I hated what I was going through and it would be incredibly selfish to throw oneself infront of a train because then other people would have to share my suffering.
    Have you any idea how traumatic that must be for the driver?
    I would have taken my illness and passed it to someone else.

  7. Personally I have always contemplated "quieter" suicides so I wouldn't make a mess or traumatize other people. It just seemed selfish to me to force others to clean up after I had nothing left to worry about. Though perhaps jumping in front of a train was the only way they could think of ending it - we'll never know :/

    I think a part of the reason people don't seem to care about mental illness, ESPECIALLY Depression is because it is so commonly misdiagnosed that people with "depression" (who don't really have it) just look like attention-seeking drama queens *coughHIGHSCHOOLcough* along with the fake cutters with the catscratch scars, it makes what used to be a problem seem like one big "show" to the world. I have known catscratch cutters, and I have known real cutters (those scars are SCARY). It is not possible for me to know the pain of them, but I feel like they are being pushed aside as an issue until it is too late because of people who are doing it for attention. And that numbs every body else to the real problem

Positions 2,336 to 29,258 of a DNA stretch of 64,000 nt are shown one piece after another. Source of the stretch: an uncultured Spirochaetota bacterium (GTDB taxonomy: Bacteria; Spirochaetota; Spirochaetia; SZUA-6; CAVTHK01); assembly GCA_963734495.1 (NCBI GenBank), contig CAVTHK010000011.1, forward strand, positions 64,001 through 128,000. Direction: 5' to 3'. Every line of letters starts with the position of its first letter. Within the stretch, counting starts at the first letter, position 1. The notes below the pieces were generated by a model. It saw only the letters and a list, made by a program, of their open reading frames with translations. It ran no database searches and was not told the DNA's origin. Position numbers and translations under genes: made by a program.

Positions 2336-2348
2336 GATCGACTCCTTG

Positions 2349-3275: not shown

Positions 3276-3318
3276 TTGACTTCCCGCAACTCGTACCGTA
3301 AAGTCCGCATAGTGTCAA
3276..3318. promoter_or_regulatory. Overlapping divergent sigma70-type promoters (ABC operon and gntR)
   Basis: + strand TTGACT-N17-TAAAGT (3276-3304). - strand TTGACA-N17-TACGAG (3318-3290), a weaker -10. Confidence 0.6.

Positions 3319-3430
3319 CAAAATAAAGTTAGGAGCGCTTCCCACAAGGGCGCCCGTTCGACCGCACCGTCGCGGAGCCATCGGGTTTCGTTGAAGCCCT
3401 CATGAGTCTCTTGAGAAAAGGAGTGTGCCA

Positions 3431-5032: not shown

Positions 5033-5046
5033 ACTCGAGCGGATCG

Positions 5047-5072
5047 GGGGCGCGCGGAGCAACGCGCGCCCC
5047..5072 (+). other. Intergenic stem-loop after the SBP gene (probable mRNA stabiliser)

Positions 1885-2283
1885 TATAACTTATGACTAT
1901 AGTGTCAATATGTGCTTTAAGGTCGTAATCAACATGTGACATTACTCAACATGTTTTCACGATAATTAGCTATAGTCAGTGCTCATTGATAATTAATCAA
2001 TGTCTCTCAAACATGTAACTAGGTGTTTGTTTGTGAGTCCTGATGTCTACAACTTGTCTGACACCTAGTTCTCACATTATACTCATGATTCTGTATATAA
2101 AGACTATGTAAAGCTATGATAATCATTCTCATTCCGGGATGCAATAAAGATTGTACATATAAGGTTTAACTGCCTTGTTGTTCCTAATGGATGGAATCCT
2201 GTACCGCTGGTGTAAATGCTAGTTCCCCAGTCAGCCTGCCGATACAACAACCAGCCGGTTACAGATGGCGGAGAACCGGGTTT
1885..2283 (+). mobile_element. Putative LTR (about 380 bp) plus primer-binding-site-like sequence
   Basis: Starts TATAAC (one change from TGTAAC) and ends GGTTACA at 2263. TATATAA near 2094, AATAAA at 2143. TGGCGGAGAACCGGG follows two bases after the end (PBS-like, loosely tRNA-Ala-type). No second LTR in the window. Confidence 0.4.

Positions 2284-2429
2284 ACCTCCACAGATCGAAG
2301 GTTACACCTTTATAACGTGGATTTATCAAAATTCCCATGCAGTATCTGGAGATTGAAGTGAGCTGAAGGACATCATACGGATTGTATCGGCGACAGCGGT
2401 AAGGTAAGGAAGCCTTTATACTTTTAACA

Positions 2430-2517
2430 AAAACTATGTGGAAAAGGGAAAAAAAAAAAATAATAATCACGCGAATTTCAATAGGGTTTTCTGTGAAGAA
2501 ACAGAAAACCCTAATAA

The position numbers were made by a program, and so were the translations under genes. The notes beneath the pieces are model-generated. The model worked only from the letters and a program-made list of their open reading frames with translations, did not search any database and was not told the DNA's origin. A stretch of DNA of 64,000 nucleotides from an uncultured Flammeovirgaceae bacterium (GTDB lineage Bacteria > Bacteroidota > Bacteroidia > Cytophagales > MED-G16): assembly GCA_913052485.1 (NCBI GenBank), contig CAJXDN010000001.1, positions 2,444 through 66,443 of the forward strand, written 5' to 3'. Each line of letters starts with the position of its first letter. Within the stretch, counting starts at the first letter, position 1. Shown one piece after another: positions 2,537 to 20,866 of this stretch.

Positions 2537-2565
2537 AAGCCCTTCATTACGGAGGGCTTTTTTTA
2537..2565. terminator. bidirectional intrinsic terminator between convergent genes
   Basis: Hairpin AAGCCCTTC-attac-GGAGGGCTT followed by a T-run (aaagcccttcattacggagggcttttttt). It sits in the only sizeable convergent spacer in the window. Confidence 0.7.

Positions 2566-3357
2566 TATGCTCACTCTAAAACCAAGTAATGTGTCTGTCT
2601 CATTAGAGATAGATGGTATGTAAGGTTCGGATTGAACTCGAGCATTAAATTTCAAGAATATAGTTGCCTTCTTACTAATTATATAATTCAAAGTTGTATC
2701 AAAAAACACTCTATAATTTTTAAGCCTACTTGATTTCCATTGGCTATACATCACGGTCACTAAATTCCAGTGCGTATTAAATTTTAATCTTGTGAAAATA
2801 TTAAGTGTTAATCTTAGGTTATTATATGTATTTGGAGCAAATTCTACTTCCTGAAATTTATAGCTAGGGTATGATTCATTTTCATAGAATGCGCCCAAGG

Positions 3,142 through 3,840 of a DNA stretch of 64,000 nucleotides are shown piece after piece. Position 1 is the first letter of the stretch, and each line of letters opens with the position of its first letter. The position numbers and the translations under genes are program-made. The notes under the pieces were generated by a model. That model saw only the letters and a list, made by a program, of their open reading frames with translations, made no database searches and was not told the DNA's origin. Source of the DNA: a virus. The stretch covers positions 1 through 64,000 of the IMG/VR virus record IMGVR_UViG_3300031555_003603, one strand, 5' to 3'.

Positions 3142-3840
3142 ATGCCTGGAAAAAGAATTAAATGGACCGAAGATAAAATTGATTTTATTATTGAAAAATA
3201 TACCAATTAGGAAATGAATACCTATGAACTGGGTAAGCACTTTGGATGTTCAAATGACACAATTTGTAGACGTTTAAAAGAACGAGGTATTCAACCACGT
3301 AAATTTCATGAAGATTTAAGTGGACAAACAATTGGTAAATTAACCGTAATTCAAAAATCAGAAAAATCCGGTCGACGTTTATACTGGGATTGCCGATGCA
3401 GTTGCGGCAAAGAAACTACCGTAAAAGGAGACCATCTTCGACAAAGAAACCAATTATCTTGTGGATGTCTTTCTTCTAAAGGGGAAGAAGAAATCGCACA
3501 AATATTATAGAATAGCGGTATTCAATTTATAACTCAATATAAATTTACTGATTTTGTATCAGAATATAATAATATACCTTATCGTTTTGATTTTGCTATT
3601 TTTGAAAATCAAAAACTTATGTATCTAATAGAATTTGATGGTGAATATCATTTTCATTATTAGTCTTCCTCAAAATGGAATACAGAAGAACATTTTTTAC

I hope my thoughts are articulated well enough for you to understand ._. I am not good at expressing thoughts :( Oftentimes, if you don't LOOK sick, then quite obviously you cannot BE sick. That is another part of why mental illness is not taken so seriously, I think. You cannot look at me and say "Yes, she has an anxiety problem. That is why she is unable to leave her house for 2 weeks" Instead one may think "Why is she throwing such a hissy fit and crying over nothing?"

    This comment is ridiculong

  8. I totally get your point. Though there is one thing I'd like to clarify: the 'nastiness' of your cuts is not an indicator of how bad your depression is. I've known people with severe depression who have never cut themselves badly in their lives, and I've known people who've left huge gaping wounds on themselves 'for laughs'. Sometimes it depends on why the person is doing the cutting - for some people it's a genuine suicide attempt, for some it's because they feel they need to be punished for something, for others it's a way of easing a little of the psychological pain with physical pain. Self-injury is a strange beast.